Not many chefs can hold their own against Gordan Ramsay, much less earn a sincere compliment from the man himself. The Northern Ireland native, Clare Smyth, checks both boxes, with Ramsay calling her “the most prominent female chef of our generation” in a recent interview with Evening Standard.
Smyth took over Ramsay’s eponymous restaurant along Chelsea’s Royal Hospital Road in 2007, and maintained its three Michelin star status until she departed in 2015. Smyth opened her 60-seater restaurant in Notting Hill last August.
Hélène DarrozeHélène Darroze at The Connaught
Hélène Darroze is a chef who plays by the rules—of the seasons, that is. Growing up with parents who ran a one-Michelin-starred restaurant in the small town of Villeneuve-de-Marsan in France sparked her commitment to using only the best produce, such as local white bamboo shoots and foie gras.
Darroze’s first stint at a restaurant was under acclaimed chef Alain Ducasse, who spotted her talent and encouraged her to work in the kitchen. Today, Darroze owns three restaurants, including two-Michelin-starred Hélène Darroze at The Connaught in London, and her one-starred eponymous restaurant in Paris.
Dominique CrennAtelier Crenn
The Versailles, France-born chef, who flew under the wings of Jeremiah Tower at the venerable Stars in San Francisco, is known for her bold and creative culinary techniques at her two-starred Atelier Crenn in the Marina neighborhood in the Golden Gate City.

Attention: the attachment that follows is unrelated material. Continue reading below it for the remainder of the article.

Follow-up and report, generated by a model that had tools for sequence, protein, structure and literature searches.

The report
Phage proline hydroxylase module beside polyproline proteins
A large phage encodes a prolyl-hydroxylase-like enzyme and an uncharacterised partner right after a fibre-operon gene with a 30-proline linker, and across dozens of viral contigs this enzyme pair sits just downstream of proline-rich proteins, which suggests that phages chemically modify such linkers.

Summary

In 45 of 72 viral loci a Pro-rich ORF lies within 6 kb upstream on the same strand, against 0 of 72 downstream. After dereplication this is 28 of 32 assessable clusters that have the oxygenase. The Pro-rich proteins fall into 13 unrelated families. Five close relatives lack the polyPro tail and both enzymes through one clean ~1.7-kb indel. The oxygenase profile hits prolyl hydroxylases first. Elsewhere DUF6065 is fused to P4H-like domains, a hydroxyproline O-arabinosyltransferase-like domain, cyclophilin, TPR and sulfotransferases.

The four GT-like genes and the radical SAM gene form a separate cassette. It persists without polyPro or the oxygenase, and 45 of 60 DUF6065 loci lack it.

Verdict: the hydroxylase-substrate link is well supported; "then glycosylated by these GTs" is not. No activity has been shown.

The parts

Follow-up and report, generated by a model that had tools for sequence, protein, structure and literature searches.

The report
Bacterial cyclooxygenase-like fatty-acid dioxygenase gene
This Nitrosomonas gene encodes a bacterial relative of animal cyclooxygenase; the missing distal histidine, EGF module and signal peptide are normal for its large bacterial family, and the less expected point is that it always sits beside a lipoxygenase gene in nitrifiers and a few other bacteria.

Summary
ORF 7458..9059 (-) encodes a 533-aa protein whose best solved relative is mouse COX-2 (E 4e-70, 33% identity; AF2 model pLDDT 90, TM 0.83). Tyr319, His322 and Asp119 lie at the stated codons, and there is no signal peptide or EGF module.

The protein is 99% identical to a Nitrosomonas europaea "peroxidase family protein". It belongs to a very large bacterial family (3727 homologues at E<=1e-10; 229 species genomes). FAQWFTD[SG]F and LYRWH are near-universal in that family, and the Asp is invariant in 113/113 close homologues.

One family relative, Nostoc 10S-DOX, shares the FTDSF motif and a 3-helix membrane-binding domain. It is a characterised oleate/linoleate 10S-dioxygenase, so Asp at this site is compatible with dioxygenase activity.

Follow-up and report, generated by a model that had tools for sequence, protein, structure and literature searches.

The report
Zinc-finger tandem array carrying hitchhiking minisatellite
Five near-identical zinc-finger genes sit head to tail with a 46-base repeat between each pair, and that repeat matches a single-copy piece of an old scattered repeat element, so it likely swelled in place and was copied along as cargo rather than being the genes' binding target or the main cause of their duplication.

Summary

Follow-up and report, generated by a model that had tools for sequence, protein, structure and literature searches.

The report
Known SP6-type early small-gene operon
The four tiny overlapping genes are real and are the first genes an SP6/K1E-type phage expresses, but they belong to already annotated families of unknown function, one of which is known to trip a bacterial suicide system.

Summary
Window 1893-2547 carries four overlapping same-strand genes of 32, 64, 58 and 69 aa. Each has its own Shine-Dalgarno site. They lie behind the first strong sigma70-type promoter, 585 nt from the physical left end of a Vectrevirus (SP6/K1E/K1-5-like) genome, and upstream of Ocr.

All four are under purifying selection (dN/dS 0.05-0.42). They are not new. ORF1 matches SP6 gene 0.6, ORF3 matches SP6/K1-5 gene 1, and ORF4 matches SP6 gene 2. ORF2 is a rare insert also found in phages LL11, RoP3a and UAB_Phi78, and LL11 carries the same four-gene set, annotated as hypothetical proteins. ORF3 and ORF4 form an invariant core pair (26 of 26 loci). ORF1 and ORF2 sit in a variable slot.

Describing her cuisine as “poetic culinaria,” Crenn is an unstoppable force to be reckoned with, continually championing her fellow female chef comrades in the midst of changing the Bay Area’s dining scene with the opening of Bar Crenn, as well as the forthcoming Boutique Crenn in the 61-floor Salesforce Tower.
Gresham first found her passion for the culinary arts while planting vegetables and fruits and learning the valuable technique of canning and preserving with her French grandmother in her hometown of San Carlos, California. Years later, she would assume a head chef position at the wildly popular The Donatello Hotel.
In 1989, Gresham, with partner Giancarlo Paterlini, opened Acquerello in July of 1989. Known as one of the best fine dining restaurants in the U.S., Acquerello gained its first Michelin star when the guide arrived in the Bay Area in 2007, and earned a second in 2015.
This article was adapted from a story written by Meryl Koh for the MICHELIN Guide Singapore website. View the original piece here.